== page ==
Two days ago, I sowed wheat, covered the seeds with dirt and gave it a good watering.

Now, however, the soil surface is starting to dry up and I wonder if a single watering is enough for the seeds to do their thing.

Should I keep watering until I see leaves or just leave them alone for a week.

If it matters, Google thinks air humidity here ranges from 40% to 99%.

1 Answer 1


Only a little water is needed. If you planted at the right depth, around 1 inch deep, the watering you gave them should be plenty to get the seeds sprouted. Depending on temperature, it will probably take 5-10 days before you see the wheat sprouting.

How much is too much? The effect of keeping the soil damp on top depends on how well it drains. In heavier clay soils, that could quickly lead to waterlogged seeds, then drowning. Also, I'm usually more comfortable aiming towards a little dry than a little wet. Adding water is simple, subtracting is hard. If you keep the soil continually damp one big rain storm can drown your plants very easy.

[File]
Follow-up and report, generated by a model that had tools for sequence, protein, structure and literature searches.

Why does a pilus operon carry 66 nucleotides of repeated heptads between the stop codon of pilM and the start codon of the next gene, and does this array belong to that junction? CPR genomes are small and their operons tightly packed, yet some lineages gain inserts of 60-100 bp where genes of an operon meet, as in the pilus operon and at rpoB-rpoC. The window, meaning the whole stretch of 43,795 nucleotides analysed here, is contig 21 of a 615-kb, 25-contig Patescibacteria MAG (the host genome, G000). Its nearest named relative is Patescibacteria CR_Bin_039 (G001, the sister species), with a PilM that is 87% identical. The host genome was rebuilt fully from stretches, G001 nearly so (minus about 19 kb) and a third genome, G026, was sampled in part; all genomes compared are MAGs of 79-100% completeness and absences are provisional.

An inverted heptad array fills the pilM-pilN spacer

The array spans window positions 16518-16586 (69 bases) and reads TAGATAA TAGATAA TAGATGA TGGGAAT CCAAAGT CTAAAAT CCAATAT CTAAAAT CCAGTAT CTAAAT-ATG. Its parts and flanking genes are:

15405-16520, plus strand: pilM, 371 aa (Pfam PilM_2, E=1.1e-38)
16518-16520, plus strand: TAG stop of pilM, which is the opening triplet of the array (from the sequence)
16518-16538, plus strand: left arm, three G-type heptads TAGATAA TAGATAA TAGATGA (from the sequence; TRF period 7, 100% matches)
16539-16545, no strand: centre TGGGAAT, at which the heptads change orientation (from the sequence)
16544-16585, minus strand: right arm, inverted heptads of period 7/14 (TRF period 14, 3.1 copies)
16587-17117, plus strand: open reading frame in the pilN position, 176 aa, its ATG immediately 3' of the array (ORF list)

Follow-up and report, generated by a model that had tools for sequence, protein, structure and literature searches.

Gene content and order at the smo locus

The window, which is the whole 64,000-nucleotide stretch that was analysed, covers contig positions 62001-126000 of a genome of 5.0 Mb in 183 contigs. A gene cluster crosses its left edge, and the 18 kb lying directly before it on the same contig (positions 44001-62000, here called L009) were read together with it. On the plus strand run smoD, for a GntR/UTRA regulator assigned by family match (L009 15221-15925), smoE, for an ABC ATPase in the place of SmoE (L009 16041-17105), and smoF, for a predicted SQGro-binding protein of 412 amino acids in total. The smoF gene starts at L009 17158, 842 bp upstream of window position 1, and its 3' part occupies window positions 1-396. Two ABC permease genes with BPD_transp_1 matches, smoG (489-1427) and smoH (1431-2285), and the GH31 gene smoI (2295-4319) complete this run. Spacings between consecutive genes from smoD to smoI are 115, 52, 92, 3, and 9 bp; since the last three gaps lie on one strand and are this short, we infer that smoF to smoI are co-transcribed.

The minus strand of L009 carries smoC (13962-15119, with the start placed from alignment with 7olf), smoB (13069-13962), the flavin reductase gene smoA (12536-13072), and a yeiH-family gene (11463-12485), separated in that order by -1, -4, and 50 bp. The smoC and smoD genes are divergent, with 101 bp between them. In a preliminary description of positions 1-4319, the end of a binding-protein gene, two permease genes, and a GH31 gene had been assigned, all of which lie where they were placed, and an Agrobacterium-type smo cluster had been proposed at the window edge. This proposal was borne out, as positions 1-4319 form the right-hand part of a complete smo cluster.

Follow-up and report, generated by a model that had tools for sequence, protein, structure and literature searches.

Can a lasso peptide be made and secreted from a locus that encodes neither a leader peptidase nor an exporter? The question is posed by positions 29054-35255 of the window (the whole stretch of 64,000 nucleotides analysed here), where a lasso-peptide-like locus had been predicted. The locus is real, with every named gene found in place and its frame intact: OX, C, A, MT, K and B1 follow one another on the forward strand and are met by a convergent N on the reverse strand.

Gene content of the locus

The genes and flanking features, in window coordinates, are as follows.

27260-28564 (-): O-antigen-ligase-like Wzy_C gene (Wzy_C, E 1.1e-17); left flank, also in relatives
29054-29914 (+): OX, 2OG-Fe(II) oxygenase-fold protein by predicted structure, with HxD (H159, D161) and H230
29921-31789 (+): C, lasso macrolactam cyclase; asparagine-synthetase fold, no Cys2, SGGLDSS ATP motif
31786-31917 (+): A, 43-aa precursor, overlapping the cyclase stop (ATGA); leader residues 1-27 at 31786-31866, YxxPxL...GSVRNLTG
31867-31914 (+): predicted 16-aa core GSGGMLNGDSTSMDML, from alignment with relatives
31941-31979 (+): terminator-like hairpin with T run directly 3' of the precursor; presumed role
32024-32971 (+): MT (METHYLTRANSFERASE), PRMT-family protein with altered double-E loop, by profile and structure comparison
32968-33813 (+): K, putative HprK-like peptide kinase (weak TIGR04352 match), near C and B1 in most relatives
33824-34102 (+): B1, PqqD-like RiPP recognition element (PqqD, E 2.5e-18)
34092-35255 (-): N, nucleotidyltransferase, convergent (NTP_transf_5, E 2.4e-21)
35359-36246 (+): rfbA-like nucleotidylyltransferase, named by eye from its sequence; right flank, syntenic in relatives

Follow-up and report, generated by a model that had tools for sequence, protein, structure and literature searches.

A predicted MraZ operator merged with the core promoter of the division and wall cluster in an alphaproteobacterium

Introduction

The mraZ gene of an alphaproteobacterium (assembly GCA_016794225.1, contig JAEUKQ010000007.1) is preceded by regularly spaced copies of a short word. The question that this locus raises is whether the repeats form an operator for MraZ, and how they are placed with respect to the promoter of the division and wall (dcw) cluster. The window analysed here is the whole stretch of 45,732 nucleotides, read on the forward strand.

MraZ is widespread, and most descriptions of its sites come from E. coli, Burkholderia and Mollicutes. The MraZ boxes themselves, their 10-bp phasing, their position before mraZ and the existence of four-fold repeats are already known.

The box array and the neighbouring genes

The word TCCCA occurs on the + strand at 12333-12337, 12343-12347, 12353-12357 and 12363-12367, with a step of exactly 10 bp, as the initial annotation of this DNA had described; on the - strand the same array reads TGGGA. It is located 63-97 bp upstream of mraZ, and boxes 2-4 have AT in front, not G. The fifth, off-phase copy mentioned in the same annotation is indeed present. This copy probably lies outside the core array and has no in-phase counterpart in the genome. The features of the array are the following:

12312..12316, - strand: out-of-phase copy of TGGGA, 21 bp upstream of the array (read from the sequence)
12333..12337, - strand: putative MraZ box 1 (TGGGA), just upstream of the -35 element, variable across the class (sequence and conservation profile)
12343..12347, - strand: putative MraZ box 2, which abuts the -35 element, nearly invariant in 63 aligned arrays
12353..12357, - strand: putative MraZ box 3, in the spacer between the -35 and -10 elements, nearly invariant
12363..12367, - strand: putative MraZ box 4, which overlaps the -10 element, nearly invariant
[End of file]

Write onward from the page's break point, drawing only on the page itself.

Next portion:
Leaving aside concerns of direct water damage; on a longer term constant high moisture promotes limited root growth, which means your plant uses less of the soil available to it than it might otherwise. A plant that grows it's early roots in a high moisture situation gets used to it, if things change rapidly it won't help the plant.

  • 2
    This answer begs the question: Would more water hurt? Oct 15, 2015 at 10:54
  • Exactly, I won't water it anymore but I was wondering if keeping the soil moist - i.e. brown, rather than white - could actually hurt my seed.
    – user10810
    Oct 15, 2015 at 12:30

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